I could tell you what it is, but Hill purposefully leaves it a mystery, so the reader can find out for his or herself what it takes to achieve their dreams. The power of thought, it seems, trumps all skill sets and knowledge load.

5. Guess How Much I Love You - Sam McBratney and Anita Jeram

Just the happiest book you will ever read. My Mom would read this to book my sister and I almost every night when we were kids. It is about a father and son pair of bunnies. The entire book is them going back and forth about how much they love each other.

Always remember kids... I love you to the moon and back.

4. The Great Gatsby - F. Scott Fitzgerland

This masterpiece is arguably the greatest novel ever written. The story is filled with classic themes such as hubris, love, betrayal and greed. The symbolism and fore shadowing in this book is so brilliant, especially because of its simplicity.

The story is so compelling, that it will be permanently embedded in your memory for the rest of your days.

The real triumph in this book however lies within the actual writing of Fitzgerald. The sentences are comprised with such precision, poetry and beauty that you will find yourself reading paragraphs over and over again, simply to sit in the tranquility of Fitzgerald's words.

It's truly beautiful.

3. The Art of War - Sun Tzu

Very little is actually known about the origins of this book. We do know that Sun Tzu was a military mastermind who lived during the Chinese Zhou dynasty in the 500 BC century. This book combines his philosophy, strategy, outlooks on leadership and mechanisms of gathering information into a fool proof guide of winning battles.

This book is frequently used by strategists of all kinds. Sports, law, warfare, debates. Any one in any form of competition needs to read this book. 

Through all of Sun Tzu's laws, one message screams loud as day. The man who out thinks the other man, is the one who wins. 

2 - Watchmen - Alan Moore

The plot line for this iconic graphic novel is so complex, it is impossible to fit into a few sentences. Simply put, the story is about a group of former superheroes in the Nixon era, who struggle with their identity now that they are no longer crime fighting super heroes.

This book touches on many aspects of morality, and where the line is between right and wrong. The subplots between all the characters intertwine perfectly. It's hard to fathom how Moore actually thought it all up.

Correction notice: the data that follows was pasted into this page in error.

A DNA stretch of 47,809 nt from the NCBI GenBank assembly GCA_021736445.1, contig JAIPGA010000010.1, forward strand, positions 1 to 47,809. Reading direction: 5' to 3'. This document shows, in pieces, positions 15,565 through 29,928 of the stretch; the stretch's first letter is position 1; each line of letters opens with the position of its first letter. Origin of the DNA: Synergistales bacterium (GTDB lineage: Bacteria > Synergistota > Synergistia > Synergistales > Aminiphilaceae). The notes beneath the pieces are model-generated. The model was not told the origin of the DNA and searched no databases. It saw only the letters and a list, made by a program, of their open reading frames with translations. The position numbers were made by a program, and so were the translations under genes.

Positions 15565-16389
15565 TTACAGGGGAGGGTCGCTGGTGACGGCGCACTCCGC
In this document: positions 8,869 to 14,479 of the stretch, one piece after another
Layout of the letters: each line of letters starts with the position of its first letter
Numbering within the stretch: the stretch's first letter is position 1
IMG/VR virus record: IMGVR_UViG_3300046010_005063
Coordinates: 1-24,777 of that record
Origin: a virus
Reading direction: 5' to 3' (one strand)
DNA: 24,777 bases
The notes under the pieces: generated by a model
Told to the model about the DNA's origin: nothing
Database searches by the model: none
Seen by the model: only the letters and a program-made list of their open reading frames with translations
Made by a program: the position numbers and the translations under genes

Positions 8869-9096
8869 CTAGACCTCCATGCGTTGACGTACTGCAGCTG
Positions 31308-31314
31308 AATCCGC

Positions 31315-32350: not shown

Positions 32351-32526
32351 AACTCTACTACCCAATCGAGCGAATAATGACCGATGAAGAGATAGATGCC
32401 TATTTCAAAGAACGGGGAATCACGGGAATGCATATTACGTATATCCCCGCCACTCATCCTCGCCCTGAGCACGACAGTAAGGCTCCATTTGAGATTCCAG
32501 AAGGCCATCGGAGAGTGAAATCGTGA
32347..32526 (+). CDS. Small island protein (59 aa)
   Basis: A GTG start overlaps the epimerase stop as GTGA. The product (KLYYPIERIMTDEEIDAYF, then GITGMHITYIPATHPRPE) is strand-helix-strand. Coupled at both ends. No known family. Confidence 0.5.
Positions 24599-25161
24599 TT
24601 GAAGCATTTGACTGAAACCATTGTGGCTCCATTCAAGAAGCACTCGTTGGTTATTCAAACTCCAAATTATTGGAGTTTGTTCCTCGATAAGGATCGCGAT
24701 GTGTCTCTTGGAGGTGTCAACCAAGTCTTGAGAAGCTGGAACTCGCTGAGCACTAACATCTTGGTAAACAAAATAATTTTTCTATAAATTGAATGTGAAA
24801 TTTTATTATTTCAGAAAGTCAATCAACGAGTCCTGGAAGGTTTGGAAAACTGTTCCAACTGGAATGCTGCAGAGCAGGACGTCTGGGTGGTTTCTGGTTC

The lines between right and wrong and good and evil become very blurred and you lose track of what your own moral beliefs are. You will not be able to stop reading. "Justice is coming for us all, no matter what we do."

1. Fight Club - Chuck Palahniuk 

Everyone knows the first rule of Fight Club. For all the quirks and innuendos this book has, there is an underlying message that is very clear.

In this soft, fluffy and pretty world we all obsess over, we often forget what it means to be alive. We often forget what its like to feel excited, and to feel rage and sorrow and fear and joy and pain. Fight Club reminds us that our world is obsessed with safety and fairness a politically correct thinking.

What scares you? What excites you? What pisses you off? Fight Club reminds us that we are all humans built with these emotions that we hardly ever use. More over, most of us are afraid of these emotions. We look to find the straight route to happiness, and many times we forget to feel whole.

Fight Club makes you take a look at who you are, and what you believe in. Fight Club reminds us to be a part of the world.

“You are not your job, you're not how much money you have in the bank. You are not the car you drive. You're not the contents of your wallet. You are not your fucking khakis. You are all singing, all dancing crap of the world.”